AdvisorCulbert, T. Patrick
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PublisherThe University of Arizona.
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AbstractDespite a long history of recovery and description, Maya caches have received surprisingly little attention, and detailed analyses and comparisons are lacking. This study analyzes caches from Tikal, Uaxactun, Altar de Sacrificios, and Seibal in relation to where and how these were placed, associated material inclusions, and how these variables change through time. Regional comparison demonstrates remarkable cache dissimilarities at each center; however, comparison with political history indicates that major changes in patterns correlate with periods of political upheaval, wars, and dynastic changes. At Tikal, caches explode in frequency and degree of elaboration in the North Acropolis--at the expense of Mundo Perdido--immediately following the Uaxactun event of AD 378, and the dynastic change of AD 379. Caches maintain a pattern of placement in exterior areas emenable to viewing by large audiences throughout the Early Classic. This changes dramatically during the Late Classic, following Tikal's defeat by Caracol in AD 562, which leads to the majority of caches being located in interior areas, and to changes in cache content. Obsidian, jade, and Spondylus shells all decline in frequency, while the use of poisonous marine objects increases substantially. Following the rise of Ruler A in AD 695, caches are once again most common in exterior locations. Tikal's re-emergence as a major power marks the end of the North Acropolis as a key area for ritual behaviour, and caches show a corresponding decline in elaboration. Uaxactun remains Tikal's subject for the duration of the Classic period; yet, Uaxactun caches show few similarities to those of Tikal. Uaxactun's center of cache placement shifts from Group E to Groups A and B simintaneously with the move to the North Acropolis from Mundo Perdido at Tikal, apparently as a result of Tikal's dynastic change. At Seibal, caches are rare prior to the Terminal Classic, when they undergo a minor flouresence immediately following the collapse of Dos Pilas' empire. Altar de Sacrificios caches are remarkably stable, and it is notable that the site lacking sudden and dramatic changes in cache patterns is the only site whose political history shows no signs of warfare.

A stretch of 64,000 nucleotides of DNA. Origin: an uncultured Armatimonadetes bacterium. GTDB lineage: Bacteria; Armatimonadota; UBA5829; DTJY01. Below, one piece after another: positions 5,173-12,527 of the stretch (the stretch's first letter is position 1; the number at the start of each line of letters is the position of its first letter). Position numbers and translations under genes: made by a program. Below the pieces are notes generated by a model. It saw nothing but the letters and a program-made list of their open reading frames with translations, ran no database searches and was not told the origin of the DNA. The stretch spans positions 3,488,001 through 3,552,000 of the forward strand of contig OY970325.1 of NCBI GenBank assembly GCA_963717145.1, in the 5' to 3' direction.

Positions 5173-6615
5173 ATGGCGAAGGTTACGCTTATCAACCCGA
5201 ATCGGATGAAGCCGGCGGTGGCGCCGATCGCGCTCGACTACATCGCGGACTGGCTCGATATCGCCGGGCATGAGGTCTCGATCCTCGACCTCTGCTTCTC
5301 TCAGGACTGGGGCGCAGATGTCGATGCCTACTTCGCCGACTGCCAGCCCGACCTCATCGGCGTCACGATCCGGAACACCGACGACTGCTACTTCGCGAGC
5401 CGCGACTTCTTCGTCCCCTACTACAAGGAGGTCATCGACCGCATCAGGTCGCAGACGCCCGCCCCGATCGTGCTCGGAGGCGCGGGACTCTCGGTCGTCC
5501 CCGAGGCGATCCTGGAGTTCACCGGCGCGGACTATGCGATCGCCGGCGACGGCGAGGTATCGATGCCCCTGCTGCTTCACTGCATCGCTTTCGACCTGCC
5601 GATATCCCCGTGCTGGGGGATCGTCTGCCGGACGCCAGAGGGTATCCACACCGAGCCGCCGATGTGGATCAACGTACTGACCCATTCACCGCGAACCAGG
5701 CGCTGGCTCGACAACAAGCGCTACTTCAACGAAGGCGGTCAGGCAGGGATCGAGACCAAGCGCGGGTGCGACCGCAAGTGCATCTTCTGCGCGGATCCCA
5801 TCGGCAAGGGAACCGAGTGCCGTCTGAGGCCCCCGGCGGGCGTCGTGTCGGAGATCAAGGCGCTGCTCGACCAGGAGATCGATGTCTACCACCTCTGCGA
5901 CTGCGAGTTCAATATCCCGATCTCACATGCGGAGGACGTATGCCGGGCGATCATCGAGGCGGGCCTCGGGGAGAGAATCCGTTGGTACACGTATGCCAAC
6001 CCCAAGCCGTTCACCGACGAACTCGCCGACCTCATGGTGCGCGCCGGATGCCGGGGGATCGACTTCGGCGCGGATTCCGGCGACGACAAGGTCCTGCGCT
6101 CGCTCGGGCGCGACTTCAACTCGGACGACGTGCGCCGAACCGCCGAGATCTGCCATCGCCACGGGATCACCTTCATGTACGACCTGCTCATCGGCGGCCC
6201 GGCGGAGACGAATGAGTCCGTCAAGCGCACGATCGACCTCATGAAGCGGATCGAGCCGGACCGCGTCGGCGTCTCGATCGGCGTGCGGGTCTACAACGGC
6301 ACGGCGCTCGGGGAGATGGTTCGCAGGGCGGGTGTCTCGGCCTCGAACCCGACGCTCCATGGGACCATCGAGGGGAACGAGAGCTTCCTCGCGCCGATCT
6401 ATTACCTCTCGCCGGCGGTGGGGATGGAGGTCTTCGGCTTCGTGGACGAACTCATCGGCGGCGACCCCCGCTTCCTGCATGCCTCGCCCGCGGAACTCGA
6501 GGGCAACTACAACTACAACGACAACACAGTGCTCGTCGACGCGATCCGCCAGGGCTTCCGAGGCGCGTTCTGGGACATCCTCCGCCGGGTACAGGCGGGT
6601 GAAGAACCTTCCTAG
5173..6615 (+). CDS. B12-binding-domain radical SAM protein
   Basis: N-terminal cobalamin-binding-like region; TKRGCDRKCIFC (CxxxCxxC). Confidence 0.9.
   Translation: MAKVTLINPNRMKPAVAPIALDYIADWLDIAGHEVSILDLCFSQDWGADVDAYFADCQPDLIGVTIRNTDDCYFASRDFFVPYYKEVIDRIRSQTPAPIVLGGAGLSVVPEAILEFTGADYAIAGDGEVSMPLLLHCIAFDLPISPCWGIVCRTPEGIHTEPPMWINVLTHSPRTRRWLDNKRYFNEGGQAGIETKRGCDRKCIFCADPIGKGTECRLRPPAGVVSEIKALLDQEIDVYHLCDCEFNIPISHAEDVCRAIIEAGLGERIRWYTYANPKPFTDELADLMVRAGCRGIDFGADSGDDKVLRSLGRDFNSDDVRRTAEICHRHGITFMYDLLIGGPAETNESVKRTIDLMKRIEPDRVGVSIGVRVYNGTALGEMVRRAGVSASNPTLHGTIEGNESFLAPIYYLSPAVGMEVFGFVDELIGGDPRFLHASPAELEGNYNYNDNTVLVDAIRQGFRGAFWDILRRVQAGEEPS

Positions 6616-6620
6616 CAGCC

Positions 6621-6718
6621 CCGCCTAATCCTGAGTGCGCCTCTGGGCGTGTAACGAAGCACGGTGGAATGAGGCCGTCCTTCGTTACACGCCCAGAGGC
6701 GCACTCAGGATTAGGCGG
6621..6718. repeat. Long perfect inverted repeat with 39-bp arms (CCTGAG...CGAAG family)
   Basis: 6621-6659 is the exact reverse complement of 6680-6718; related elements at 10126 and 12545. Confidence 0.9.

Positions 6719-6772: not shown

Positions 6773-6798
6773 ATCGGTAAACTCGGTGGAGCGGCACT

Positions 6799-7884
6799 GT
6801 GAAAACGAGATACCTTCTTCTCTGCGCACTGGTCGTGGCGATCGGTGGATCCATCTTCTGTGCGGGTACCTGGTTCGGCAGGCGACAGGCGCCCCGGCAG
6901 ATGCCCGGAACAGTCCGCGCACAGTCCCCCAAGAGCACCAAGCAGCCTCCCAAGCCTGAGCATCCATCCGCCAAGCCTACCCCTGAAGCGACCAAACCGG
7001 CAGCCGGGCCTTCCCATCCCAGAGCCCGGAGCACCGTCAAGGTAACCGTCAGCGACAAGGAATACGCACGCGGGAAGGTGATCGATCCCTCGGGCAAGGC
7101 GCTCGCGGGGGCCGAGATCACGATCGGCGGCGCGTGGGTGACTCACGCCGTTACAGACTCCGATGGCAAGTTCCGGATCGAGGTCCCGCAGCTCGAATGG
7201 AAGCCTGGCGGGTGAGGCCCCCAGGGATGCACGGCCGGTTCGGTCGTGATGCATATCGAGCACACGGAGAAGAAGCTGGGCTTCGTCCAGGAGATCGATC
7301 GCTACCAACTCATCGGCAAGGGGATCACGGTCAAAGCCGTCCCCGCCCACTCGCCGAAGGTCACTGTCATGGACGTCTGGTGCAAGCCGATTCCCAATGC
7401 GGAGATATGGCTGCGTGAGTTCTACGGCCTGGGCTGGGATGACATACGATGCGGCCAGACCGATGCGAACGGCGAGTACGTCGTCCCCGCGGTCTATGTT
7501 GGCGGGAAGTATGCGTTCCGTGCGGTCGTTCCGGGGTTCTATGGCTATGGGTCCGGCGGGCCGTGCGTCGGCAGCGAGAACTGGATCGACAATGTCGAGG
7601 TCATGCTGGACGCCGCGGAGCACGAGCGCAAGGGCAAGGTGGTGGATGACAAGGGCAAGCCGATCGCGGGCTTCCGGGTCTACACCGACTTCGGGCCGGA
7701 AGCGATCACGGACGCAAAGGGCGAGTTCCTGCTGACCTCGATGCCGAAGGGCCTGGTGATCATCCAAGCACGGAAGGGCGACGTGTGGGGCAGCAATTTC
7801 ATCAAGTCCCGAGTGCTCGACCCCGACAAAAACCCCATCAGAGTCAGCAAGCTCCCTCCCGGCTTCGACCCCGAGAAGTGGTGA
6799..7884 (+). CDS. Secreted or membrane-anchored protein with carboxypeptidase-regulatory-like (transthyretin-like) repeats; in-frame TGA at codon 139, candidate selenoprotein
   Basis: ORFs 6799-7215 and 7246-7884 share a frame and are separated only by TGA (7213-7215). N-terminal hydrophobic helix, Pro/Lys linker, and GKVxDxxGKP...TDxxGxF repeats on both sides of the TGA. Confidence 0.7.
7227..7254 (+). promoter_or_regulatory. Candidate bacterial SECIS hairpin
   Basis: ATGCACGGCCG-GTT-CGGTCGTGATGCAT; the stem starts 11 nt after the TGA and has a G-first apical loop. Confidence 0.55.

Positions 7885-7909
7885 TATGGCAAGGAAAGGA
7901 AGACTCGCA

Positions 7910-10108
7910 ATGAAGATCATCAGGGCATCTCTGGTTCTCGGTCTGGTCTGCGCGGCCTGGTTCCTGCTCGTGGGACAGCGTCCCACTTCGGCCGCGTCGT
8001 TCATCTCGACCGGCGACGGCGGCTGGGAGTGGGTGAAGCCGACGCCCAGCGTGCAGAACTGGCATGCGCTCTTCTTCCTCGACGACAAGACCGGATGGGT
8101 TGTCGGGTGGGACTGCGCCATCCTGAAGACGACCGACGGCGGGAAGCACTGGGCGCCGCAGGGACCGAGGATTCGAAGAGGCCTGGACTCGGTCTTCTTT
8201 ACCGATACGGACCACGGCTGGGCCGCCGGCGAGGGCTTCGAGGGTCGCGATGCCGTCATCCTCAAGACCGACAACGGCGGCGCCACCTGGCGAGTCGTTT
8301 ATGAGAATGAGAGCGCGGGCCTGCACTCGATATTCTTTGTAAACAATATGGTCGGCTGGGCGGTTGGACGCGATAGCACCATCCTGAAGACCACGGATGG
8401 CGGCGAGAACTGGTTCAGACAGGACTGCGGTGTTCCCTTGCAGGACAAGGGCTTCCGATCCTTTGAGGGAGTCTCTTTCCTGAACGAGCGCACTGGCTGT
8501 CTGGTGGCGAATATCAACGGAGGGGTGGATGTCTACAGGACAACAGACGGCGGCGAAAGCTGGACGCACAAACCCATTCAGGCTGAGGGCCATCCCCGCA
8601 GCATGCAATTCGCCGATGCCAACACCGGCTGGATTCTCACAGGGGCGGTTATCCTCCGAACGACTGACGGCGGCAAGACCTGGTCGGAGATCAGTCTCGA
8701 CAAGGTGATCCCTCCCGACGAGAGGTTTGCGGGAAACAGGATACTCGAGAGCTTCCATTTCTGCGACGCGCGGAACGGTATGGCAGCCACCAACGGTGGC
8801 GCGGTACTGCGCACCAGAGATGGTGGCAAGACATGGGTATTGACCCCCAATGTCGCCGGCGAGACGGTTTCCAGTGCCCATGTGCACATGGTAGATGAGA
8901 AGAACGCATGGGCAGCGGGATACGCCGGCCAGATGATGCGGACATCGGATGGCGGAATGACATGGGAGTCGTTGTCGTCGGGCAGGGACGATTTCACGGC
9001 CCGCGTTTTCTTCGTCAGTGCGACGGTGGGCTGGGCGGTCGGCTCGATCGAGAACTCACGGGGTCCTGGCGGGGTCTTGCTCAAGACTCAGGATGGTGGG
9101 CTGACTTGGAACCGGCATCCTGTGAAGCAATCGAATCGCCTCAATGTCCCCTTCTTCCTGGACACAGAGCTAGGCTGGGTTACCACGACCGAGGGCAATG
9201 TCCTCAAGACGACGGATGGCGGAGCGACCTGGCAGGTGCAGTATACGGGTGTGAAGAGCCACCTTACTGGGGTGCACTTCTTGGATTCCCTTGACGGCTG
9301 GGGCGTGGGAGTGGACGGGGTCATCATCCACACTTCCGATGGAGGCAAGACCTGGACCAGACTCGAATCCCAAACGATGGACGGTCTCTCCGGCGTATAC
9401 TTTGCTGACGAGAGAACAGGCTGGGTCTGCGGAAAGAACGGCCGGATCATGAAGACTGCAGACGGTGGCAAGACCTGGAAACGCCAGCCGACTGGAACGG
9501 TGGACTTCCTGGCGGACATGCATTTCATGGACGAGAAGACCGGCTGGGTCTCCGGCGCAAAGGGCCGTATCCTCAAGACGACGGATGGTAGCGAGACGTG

Degree ProgramGraduate College